I have been reading about the Bluestones of the Preseli Hills. So we decide to take the short drive towards Crymych where there is a pull in by the bridleway leading onto the access land of the Preseli Hills.

A short walk along a track brings us to a gate that opens onto the access land. In front of us is the rocky outcrop of Foeldrygarn. A walk up the steep slopes brings us to the remains of a large Iron Age Hill Fort, built some time between 650 BC and 100 AD. (Lynnie is pleased that she managed the climb without stopping to catch her breath.)


At the trig point in the middle of the fort we are 1,190 feet above sea level and once more treated to wonderful views. We are on the eastern most hill of the Preseli Hills and the view from here is different, being that bit further long. It is an exposed spot but it is clear to see how easily it could be defended. It is thought that at one time this fort was heavily populated. Today it is just the four of us up there.

From our vantage point we see our route to the next rocky outcrop we plan to climb. A thirty-minute walk and we arrive at Carnalw, the site of another Iron Age Hill Fort. It is equally as impressive as Foeldrygarn, but less elevated so there are not the views.


From here it is a steep upward walk to the stones of, Carn Gwr and then on to the large outcrop of Carn Menyn. The bluestones that form part of Stonehenge are thought to have originated from here. Looking at these stones I find it amazing to think that they could have been transported from here to Wiltshire thousands of years ago. However, scientists have spent years doing research and so I am happy to believe them.


This whole area is rather an awesome and atmospheric place to be. We see one other chap wandering in the distance (like us visiting each of the sites) but there are no other features in the landscape for miles apart from rocks and sheep.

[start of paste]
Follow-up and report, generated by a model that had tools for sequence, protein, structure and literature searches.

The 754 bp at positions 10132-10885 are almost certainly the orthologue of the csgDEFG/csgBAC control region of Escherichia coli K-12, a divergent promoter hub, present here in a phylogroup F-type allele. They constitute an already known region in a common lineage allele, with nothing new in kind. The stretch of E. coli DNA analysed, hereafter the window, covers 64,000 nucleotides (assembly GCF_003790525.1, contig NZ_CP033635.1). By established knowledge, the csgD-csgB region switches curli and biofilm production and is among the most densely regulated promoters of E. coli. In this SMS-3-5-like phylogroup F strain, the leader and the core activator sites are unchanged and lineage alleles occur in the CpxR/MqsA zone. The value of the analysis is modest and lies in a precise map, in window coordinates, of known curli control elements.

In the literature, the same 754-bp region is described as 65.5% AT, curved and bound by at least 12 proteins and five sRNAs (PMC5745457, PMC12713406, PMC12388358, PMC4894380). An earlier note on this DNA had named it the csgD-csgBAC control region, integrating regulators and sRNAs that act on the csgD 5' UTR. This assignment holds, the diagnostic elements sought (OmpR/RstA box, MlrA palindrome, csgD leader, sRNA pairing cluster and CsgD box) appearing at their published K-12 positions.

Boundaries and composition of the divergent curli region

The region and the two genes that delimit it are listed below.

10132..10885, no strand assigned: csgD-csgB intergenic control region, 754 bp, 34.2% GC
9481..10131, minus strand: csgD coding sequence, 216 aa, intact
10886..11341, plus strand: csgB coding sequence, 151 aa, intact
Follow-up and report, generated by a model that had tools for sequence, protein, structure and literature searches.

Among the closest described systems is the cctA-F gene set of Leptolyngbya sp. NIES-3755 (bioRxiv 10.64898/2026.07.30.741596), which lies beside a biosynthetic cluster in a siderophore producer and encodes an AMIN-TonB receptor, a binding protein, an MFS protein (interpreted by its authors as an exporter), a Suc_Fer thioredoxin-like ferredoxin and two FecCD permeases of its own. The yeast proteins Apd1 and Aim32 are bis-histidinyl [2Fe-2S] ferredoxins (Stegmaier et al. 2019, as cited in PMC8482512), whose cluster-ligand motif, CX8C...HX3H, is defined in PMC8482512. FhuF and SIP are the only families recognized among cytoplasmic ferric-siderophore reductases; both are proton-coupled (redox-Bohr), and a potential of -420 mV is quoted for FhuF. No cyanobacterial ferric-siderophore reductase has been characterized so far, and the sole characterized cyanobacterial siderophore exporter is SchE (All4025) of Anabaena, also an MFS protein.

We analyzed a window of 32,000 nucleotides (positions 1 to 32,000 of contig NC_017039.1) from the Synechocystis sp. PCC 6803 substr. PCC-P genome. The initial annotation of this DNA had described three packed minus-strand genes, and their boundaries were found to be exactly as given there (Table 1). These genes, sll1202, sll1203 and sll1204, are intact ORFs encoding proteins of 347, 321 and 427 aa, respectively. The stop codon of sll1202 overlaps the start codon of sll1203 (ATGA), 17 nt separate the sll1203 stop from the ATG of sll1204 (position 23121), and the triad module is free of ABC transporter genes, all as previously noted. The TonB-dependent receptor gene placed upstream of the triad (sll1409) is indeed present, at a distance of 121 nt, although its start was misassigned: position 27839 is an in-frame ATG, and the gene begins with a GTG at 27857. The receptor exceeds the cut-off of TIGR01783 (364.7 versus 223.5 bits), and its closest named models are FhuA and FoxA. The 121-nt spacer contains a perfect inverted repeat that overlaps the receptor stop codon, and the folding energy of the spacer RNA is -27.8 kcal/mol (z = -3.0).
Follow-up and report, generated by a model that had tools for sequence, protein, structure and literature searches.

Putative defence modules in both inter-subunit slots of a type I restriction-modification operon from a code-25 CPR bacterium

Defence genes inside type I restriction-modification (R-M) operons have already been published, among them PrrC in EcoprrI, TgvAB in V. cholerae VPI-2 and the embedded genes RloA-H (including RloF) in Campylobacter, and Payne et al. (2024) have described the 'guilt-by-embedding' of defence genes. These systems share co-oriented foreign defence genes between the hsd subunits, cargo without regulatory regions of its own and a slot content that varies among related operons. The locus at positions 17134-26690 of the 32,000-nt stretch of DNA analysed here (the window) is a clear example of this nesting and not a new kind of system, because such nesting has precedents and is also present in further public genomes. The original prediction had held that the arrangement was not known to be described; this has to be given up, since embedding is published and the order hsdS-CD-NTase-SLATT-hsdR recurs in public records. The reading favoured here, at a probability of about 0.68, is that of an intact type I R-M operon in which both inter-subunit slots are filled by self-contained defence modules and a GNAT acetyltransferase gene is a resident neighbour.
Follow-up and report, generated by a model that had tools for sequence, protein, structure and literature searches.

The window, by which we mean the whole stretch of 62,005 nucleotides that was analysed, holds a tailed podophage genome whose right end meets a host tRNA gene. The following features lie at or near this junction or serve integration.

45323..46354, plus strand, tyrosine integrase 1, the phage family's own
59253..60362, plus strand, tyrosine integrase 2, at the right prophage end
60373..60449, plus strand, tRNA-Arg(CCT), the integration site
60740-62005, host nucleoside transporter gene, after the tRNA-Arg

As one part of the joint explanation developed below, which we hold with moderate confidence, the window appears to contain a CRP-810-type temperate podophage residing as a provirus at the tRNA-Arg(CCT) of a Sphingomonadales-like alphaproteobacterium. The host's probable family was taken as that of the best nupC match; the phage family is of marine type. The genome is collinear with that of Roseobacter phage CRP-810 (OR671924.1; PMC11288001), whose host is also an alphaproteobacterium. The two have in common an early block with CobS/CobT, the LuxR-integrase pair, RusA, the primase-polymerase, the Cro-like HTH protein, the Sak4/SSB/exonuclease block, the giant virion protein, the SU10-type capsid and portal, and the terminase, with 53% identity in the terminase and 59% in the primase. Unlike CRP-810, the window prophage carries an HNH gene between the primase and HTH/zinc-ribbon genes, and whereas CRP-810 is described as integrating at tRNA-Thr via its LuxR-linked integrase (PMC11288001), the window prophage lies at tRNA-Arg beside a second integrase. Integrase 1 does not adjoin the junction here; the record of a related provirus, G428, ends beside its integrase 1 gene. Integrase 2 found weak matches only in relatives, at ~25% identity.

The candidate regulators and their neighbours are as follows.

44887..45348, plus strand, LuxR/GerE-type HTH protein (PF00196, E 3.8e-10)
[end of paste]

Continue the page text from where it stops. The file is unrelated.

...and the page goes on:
We wander along the broad path steadily downhill to the gate and rejoin the track to the car.

On our way back we decide to pop into Rosebush for a pint at the Tafarn Sinc. On route I see a standing stone. We stop and I wander over to read the inscription below the stone. It states that this is one of two standing Bluestones brought down from the crest of Carn Menyn by an RAF Chinnock helicopter (so that’s how they did it!) on 6th April 1989. One stone was donated to Stonehenge and the other placed in this spot.


As we have travelled around the area two questions have been asked by locals. Have you been to Bessie’s pub? Have you been to the Tafarn Sinc? As blog followers will know we have been to Bessie’s so now it is time to visit the second pub of notoriety in the area.

A look at the pubs’ website describes its history. Apparently when built in the late 1870s it was named The Preseli Hotel and ‘pleasure gardens,’ with fishponds. It was built for the quarry workers and to attract tourists travelling by rail.


The pub is now known as Tafarn Sinc, due to the materials used in its construction, corrugated galvanised iron. The fishponds are now a feature of the nearby Rosebush Caravan Park. Inside the pub there are bare boards with sawdust and from the ceilings hang all sorts of bits and pieces. Even an old tandem bike hangs in the dining area.

Back home on a Saturday night in the Silver Plough I try to occasionally share a pint with two locals, Jim and Tony. Jim has made it his aim to place various items of assorted tat on the hooks hanging in the bar and we have often joked about him getting the parts of a bike secreted about the place. He would love this pub.

(26th August 2014)

[To follow my walk you will need Ordnance Survey Outdoor Leisure Map OL35 –North Pembrokeshire]

© Two Dogs and an Awning (2014)


  1. Hi,

    Just caught up with the blog now we are back in the land of wi-fi in Chester. Good to meet you at Abergwynant and we look forward to reading the blog over the next few weeks.

    All the very best and enjoy the remainder of your break.

    Dave, Angie & Fudge

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